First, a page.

Calgary researchers have created a microchip that "communicates" with brain cells, a discovery that could help patients with Alzheimer's and Parkinson's diseases.
A team at the University of Calgary, led by Naweed Syed, figured out how to refine a so-called neurochip to communicate with animal brain cells.
"We have never been able to record the subtle activity from brain cells that we have now because this is actually the last frontier," Syed explained on Tuesday.
The new technology, conducted with the National Research Council and published online this month in the journal, Biomedical Microdevices, improves on a previous chip by Syed's team in 2004 that used brain cells from snails.
The neurochip is able to monitor the electrical and chemical dialogue between brain cells, and to track subtle changes in brain activity. Accessing those areas means researchers could test drugs to treat several neurological conditions accurately and quickly.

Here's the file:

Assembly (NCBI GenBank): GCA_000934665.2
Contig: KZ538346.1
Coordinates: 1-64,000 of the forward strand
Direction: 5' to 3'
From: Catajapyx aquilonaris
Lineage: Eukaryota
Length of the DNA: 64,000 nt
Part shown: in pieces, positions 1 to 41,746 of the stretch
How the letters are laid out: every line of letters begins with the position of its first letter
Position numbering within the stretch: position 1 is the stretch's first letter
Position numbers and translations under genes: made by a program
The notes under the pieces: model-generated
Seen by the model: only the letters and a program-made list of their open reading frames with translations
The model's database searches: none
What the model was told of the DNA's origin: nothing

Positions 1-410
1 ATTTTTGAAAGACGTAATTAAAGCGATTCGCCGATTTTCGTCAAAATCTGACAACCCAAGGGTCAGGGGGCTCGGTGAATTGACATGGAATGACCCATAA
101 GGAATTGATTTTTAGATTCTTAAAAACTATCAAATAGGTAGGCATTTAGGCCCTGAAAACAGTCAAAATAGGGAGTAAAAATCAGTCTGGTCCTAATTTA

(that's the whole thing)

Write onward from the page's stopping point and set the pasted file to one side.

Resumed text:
Laurine Fillo, who was diagnosed with Parkinson's disease eight years ago, takes medication to manage her symptoms but has always hoped for a better solution.
"I told my husband probably five years ago: 'Oh, one day they'll develop a microchip that they can implant in my brain and it'll control the symptoms and help me manage this disease,'" she said.
The Calgary research gives her something to look forward to.
"That's something you sort of have to live with when you have a chronic illness, that there is no cure for, and no cause. If there's no hope, then it's hard to go on on a day-to-day basis."
In the coming months, the team from the faculty of medicine plans to begin testing drugs using the tiny silicon device, embedded with a network of brain cells surgically removed from patients with epilepsy.
Researchers hope a similar chip can one day allow an amputee to control a robotic arm or leg, something only seen currently in movies.
"I can't be too sure I might see that final bionic hybrid, you know that whole Terminator idea that always gets brought up, but for sure we are going to make a lot of progress," said researcher Collin Luk.